It has never been my habit to dwell on economic news. Frankly, I never considered that I could rely much on standard news reporting anyway. A news writer too often relies on what others have said in lieu of personal observation and research, so
facts that get relayed in news reports—when you can trace down the source—turn out to be opinions or misunderstandings.
One interesting item that I’ve seen popping up in economic publications, Kiplinger’s among them, is that information technology will be one of the key industries to lead an economic comeback. It’s an encouraging report, and, although the methods of this leadership and who in the industry will really provide that leadership are subject to opinion, it’s worth further comment.
Having been in the IT business for a long time, and having grown a viable company through many economic environments, it remains clear to my staff and to me that fundamentals of business and career success do not change much with the environment. Those fundamentals apply if you are an IT team member or team leader, C-level executive or administrator. The emphasis on money as an economic indicator is often misplaced. Productivity is a far better economic indicator. As such, personal productivity, as obvious as it may or may not be, is the keystone of economic success.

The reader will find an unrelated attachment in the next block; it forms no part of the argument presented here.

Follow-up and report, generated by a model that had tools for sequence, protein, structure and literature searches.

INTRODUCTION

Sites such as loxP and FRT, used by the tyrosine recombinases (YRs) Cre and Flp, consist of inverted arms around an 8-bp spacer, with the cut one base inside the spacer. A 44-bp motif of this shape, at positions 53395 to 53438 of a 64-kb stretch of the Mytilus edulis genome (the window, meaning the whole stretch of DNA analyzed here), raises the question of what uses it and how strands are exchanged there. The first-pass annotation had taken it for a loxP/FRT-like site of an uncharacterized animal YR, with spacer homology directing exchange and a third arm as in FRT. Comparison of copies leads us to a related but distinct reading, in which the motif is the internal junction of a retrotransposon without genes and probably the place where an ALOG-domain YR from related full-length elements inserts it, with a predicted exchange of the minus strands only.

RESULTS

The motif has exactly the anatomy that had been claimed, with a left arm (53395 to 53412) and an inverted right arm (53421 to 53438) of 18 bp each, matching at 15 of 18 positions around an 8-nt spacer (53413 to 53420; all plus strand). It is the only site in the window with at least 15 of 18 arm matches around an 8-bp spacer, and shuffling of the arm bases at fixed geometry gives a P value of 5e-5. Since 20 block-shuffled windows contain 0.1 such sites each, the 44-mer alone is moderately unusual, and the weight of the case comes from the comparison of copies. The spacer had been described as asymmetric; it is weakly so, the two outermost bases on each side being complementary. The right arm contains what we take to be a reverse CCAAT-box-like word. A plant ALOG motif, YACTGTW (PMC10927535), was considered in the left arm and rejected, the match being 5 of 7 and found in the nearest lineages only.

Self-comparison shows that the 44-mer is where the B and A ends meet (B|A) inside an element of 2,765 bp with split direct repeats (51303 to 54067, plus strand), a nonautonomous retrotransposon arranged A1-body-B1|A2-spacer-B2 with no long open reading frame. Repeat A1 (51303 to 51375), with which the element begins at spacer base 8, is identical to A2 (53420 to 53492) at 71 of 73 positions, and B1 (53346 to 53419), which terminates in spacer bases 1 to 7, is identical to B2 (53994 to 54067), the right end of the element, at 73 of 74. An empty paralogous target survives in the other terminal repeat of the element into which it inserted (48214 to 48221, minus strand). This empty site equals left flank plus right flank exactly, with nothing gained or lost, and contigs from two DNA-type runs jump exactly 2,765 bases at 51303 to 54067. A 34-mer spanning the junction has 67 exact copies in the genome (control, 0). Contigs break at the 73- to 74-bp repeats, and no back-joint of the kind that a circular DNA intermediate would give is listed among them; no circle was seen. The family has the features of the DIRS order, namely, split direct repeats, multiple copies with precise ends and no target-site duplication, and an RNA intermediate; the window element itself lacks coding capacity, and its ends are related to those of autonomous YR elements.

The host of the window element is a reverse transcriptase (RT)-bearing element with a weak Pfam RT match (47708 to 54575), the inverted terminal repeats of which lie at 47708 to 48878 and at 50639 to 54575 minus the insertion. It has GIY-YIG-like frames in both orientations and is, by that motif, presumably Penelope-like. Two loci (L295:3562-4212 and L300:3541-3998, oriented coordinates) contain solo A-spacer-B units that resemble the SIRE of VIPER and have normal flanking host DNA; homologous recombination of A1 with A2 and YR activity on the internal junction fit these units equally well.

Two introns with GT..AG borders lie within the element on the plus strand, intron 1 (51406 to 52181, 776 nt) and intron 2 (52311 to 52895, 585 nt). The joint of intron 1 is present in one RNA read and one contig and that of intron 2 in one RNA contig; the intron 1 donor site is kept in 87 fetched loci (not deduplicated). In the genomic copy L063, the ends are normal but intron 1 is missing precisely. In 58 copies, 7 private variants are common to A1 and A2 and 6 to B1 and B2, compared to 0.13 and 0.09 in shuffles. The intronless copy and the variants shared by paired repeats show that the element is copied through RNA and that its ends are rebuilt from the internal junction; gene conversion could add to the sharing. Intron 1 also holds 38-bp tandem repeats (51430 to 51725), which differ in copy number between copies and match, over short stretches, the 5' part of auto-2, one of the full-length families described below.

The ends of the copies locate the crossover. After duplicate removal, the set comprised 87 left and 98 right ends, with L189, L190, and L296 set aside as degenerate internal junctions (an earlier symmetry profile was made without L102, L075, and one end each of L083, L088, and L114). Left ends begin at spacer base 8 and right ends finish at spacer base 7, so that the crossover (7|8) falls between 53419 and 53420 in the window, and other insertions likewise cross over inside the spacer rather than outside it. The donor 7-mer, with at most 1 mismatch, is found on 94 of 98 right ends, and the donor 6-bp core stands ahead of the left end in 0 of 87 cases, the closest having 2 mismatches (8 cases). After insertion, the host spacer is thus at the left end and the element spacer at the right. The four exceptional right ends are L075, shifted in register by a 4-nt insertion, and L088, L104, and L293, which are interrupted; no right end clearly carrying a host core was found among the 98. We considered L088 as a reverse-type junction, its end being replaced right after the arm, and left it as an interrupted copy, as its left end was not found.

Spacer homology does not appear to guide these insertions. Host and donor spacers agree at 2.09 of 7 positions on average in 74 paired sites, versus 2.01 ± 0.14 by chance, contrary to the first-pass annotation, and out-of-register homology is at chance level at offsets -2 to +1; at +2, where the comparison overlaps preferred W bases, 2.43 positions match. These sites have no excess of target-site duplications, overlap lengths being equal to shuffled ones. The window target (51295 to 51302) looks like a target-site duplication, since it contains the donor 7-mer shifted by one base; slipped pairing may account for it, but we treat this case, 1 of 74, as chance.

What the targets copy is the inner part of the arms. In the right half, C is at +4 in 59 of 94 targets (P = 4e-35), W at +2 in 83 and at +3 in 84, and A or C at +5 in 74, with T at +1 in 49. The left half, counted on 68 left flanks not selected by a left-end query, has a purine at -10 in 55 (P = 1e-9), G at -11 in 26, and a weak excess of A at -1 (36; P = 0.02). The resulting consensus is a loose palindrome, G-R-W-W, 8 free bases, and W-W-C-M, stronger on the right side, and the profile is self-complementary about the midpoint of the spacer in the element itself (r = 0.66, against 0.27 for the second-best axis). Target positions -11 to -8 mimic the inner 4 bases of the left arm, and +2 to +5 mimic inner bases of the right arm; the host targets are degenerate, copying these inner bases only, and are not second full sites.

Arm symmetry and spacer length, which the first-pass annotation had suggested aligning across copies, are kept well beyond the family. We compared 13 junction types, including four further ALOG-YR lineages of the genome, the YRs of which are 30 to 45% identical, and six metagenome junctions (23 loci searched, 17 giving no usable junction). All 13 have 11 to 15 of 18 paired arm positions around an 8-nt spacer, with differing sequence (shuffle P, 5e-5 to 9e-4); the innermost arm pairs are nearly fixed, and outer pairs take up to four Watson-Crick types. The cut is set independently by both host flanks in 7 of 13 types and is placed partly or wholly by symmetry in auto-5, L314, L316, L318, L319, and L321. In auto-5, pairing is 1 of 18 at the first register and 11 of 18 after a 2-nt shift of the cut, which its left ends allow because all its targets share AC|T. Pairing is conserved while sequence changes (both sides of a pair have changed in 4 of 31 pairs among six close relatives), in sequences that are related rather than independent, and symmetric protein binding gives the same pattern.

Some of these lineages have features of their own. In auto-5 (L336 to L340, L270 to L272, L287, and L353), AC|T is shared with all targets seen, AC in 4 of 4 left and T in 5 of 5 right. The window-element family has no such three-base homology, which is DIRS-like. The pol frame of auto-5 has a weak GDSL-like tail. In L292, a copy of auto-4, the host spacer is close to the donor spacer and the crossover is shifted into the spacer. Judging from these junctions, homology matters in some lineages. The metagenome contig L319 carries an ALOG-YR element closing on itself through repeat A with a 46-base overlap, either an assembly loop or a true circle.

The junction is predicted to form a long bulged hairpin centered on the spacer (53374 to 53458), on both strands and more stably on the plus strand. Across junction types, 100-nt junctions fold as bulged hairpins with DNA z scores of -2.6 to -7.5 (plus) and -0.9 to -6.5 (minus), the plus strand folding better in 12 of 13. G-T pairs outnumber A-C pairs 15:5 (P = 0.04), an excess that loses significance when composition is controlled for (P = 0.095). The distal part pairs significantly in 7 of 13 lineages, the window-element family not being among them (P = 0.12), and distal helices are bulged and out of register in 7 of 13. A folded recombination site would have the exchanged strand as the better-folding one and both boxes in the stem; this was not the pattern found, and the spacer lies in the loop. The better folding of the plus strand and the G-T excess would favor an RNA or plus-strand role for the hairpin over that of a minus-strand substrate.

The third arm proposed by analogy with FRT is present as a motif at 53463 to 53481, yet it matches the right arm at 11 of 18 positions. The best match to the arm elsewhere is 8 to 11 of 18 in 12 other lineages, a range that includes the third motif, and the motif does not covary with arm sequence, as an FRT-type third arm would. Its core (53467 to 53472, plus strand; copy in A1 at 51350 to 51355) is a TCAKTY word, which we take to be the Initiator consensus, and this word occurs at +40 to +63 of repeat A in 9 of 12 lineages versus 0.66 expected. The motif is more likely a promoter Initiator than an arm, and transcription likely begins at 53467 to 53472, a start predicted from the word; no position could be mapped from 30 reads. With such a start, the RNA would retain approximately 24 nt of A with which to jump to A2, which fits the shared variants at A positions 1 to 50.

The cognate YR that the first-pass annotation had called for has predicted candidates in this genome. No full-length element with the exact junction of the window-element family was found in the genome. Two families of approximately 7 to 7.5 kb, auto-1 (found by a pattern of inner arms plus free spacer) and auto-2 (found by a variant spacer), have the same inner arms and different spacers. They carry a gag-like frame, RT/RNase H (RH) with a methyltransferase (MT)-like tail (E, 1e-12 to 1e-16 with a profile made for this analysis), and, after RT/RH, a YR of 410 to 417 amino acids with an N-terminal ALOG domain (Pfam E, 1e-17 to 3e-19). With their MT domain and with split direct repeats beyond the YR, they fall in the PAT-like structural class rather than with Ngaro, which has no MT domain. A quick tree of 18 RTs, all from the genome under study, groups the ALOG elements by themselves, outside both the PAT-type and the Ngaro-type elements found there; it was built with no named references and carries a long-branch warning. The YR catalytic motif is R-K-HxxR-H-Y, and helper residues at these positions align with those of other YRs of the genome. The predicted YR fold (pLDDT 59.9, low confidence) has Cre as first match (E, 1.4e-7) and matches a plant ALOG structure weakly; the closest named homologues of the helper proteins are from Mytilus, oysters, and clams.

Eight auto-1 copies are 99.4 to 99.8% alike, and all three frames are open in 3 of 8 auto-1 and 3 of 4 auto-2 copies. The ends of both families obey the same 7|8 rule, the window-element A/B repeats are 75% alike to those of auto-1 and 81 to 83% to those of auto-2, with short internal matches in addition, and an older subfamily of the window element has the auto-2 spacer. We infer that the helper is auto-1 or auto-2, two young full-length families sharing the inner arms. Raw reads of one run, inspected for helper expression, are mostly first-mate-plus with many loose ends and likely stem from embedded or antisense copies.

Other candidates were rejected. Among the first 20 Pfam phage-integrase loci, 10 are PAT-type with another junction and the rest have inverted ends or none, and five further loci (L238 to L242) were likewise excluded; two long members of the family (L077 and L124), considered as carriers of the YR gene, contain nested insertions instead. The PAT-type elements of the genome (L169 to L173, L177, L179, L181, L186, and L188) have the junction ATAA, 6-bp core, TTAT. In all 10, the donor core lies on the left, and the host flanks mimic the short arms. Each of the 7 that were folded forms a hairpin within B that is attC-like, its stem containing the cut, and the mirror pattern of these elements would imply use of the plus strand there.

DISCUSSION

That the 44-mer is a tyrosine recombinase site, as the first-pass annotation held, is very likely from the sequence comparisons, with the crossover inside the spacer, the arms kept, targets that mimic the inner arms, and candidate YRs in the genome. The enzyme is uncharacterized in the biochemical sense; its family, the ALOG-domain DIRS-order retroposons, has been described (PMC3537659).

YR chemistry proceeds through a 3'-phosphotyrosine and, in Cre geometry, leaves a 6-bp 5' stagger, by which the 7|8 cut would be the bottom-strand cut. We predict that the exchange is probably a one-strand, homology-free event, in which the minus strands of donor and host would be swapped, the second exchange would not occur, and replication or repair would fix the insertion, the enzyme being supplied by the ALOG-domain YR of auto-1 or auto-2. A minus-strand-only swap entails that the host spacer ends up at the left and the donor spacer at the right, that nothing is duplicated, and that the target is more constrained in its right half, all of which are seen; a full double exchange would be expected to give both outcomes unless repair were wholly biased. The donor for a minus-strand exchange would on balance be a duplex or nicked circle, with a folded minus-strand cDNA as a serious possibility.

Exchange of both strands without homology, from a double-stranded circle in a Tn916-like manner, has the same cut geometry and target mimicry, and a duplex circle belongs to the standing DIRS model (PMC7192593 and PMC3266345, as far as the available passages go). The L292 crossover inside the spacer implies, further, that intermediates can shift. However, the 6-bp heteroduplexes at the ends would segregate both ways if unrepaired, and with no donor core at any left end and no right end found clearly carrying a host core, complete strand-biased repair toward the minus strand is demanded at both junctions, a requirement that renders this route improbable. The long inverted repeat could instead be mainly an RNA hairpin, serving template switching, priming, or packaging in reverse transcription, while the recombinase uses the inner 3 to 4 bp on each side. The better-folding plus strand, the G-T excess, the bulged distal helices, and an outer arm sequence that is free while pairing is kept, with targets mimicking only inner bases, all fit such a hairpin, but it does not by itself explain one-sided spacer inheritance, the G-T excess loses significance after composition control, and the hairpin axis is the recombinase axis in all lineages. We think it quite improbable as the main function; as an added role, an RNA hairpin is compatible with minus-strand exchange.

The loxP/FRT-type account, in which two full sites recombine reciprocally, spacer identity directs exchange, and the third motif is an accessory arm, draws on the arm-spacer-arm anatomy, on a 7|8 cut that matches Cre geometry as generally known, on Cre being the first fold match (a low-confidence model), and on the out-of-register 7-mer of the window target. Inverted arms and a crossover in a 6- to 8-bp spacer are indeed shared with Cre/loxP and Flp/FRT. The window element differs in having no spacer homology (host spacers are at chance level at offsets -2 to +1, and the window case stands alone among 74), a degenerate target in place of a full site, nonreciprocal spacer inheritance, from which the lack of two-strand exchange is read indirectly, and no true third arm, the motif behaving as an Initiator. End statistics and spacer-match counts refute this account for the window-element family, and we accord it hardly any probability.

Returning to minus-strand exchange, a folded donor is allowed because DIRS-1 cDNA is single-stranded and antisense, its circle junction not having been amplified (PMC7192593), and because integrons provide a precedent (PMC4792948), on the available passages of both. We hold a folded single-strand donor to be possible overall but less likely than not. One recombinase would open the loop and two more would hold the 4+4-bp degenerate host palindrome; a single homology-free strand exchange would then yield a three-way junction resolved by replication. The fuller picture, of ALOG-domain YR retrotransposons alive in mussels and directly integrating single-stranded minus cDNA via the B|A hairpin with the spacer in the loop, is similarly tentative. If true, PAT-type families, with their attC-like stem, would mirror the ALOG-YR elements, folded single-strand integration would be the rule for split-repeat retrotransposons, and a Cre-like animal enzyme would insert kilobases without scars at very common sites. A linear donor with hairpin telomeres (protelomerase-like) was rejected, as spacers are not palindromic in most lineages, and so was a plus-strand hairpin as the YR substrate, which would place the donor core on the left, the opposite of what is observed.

For a software developer, that means generating a flow of rock solid, maintainable code.
For a hiring manager, an effective management process that keeps communication flowing through the team is essential to productivity. An efficient hiring process that identifies and selects best-match candidates without wasted effort supports that.
For someone involved in IT sales or proposal writing, upfront qualification of customer interest and capability is essential. How much time and money is wasted in preparing proposals that will never be accepted? I hear about companies that have “lots of proposals out” to potential customers, without any advance notion of how the customer will respond. I wonder how much effort and cost went into preparing those proposals versus the understanding of the customer’s actual needs and ability to act on the proposal.
Aside from personal responsibility, IT productivity depends on a few factors: